“Ireland is competing – and winning. We make no apologies for competing aggressively”

Mary Mitchell O’Connor, Minister of Jobs, Enterprise and Innovation

Framed as an all-island multi-platform event, it was presented by the Irish Pharmaceutical Healthcare Association (IPHA), the innovators’ organization; BioPharmaChem Ireland (BPCI), representing biopharma manufacturers; the National Institute for BioProcessing Research and Training (NIBRT); and the Massachusetts Institute of Technology Hacking Medicine program, which co-hosted its first health hackathon in Ireland.


The life sciences industry represents a strategic pillar of both Irish economies: in the Republic of Ireland (ROI), the sector is an unrivalled heavyweight, contributing to annual exports of over EUR 50 billion, while in Northern Ireland, the pharma sector is expected to double its size by 2020. This was reflected by the ministerial presence, with Minister of Jobs, Enterprise and Innovation Mary Mitchell O’Connor TD and Minister of Health Simon Harris TD from ROI, as well as Northern Ireland’s Minister for the Economy Simon Hamilton MLA, in attendance. Minister Harris seized the opportunity to announce that the Irish government is officially preparing its bid to host the European Medicines Agency (EMA), highlighting the fact that Ireland is now the largest net exporter of medicines within the EU, while Minister O’Connor struck an exultant note, pointing out amidst fierce intense international jostling for biopharma investment, “Ireland is competing – and winning. We make no apologies for competing aggressively.”


Instrumental to the conference’s success was the diversity and quality of the speakers and participants alike. The regulators were represented most notably by Sir Andrew Dillon, chief executive of the UK National Institute of Health Care and Excellence (NICE), Dr. Michael Kopcha, Director of Office of Pharmaceutical Quality at the US Food and Drug Administration (FDA), and Ireland’s own Health Products Regulatory Authority (HPRA) Dr. Lorraine Nolan. Sir Dillon in particular delivered a weighty message: not only does the pharma industry need to craft their value proposition within “the range of possible acceptance” of the relevant healthcare systems, healthcare systems need to be clear on their own priorities and limitations in order to foster productive collaboration between the two sides.

Of particular note was the industry panel on “Addressing the cost of biopharma manufacturing”, which discussed the interplay between biomanufacturing innovation and regulatory oversight, very topical considering Ireland’s own critical position as a global supply chain and manufacturing hub for MNCs. Eddie Reilly, VP Head of Regulatory CMC and Devices at Sanofi, raised the interesting point that markets that had previously accepted EMA and FDA inspections were now beginning to conduct their own inspections. As a result, while the installation of global hubs has capitalized on large-scale cost efficiencies, increasing regulatory complexity presents a barrier to the development of process improvements and supply chain management. Despite harmonization attempts like the International Council of Harmonization, he added, there can still be a difference of two to four years for approval between Europe, the US and the rest of the world. HPRA’s Dr. Nolan provided a counterpoint by pointing out that the European system had significantly increased mutual recognition, with significant progress also being made in the ongoing FDA and EMA negotiations. Audience participation also brought up the separate point that hence or otherwise, the industry is also exploring a return to localized manufacturing, which might become more attractive as the pharma industry shifts away from the ‘blockbuster’ model to the ‘niche-buster’ model. This is being facilitated by innovations like GE Healthcare’s first global BioPark initiative, essentially a ready-to-run biomanufacturing campus, incidentally to be located in Cork, Ireland.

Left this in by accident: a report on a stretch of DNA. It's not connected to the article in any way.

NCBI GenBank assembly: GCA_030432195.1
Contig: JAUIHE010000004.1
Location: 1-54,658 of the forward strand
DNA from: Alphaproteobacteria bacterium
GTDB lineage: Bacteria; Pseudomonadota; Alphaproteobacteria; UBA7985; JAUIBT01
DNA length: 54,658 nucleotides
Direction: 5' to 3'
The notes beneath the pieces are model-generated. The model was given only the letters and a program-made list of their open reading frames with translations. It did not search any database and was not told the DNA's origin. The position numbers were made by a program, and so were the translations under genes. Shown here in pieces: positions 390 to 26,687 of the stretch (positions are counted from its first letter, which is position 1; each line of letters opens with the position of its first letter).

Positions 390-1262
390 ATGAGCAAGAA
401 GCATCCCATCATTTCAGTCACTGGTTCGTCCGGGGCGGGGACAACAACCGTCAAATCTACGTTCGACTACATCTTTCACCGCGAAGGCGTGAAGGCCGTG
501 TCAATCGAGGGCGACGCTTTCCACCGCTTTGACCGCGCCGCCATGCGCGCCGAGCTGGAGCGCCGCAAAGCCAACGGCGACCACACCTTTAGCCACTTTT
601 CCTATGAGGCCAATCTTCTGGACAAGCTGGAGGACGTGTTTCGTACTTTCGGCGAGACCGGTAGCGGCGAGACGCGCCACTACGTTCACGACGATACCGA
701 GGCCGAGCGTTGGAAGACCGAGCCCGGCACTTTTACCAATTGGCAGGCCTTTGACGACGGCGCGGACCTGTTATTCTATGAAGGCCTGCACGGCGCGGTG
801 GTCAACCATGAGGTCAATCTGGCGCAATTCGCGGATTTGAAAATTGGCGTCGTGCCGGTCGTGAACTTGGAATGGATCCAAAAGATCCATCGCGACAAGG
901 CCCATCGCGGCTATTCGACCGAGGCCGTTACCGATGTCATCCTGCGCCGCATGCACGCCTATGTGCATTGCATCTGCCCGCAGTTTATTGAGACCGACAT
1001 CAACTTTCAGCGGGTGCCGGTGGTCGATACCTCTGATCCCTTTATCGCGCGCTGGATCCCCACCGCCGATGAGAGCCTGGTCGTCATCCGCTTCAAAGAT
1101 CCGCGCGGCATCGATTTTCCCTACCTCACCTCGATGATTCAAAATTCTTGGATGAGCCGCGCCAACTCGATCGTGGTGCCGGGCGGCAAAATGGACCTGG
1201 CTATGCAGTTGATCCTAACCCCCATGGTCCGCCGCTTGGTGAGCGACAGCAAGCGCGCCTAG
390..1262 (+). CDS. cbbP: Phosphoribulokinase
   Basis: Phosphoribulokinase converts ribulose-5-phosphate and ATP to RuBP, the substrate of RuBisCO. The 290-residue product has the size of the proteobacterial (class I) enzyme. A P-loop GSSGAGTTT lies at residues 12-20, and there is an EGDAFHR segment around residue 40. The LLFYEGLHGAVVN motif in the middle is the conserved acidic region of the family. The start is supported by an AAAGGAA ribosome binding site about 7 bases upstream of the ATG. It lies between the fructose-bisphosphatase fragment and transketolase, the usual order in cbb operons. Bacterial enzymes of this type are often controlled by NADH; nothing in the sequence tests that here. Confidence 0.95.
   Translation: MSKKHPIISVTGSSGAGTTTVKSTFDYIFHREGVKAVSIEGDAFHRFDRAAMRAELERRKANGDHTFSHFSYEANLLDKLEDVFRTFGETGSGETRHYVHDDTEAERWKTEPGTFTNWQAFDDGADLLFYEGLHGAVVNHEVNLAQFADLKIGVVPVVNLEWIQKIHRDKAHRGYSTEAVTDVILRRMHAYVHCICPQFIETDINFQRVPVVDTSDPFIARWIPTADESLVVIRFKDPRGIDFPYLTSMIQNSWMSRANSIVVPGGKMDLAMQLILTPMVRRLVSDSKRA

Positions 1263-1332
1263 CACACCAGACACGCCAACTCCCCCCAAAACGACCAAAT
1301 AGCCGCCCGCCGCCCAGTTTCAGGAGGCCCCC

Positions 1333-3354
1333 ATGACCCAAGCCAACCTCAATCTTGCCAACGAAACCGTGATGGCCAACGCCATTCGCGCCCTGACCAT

Mary Mitchell O’Connor, Minister of Jobs, Enterprise and Innovation (centre), with Focus Reports’ Valerie Baia (left) and Karen Xi (right)

With academic collaboration being an important driver of industry success, the conference did not fail to showcase the best of Irish science. Professor Luke O’Neill, one of Ireland’s most celebrated scientists, delivered a multifaceted presentation on the diversity in inflammatory responses, informing the audience that the immune system is now the third-largest attractor of venture capital investment. A founder of two promising start-ups himself, he also emphasized the need to commercialize academic research. The next generation of talent was not neglected either, with the winners of the first MIT co-hosted health hackathon in Ireland, 3R Creatives Minds, who developed a user-friendly post-stroke recovery and rehabilitation app, feted at the drinks and dinner reception on the first night. Held at the Mansion House, the official residence of the Lord Mayor of Dublin since 1715, it was an intimate and lively event testament to the collegiate nature of the pharma industry in Ireland.

Running across the two days was the constant refrain of Ireland’s emergence as the global hub of biopharma investment and innovation, succinctly evoked by BioPharma Ambition 2016’s tagline: ‘inspire, connect, influence, innovate.’ No longer content to be a manufacturing base for international companies, Ireland is looking to become “a center of international excellence”, in the words of IPHA CEO Oliver O’Connor. Minister O’Connor summed it up: “a new era is beginning … put your faith and funding in Ireland.”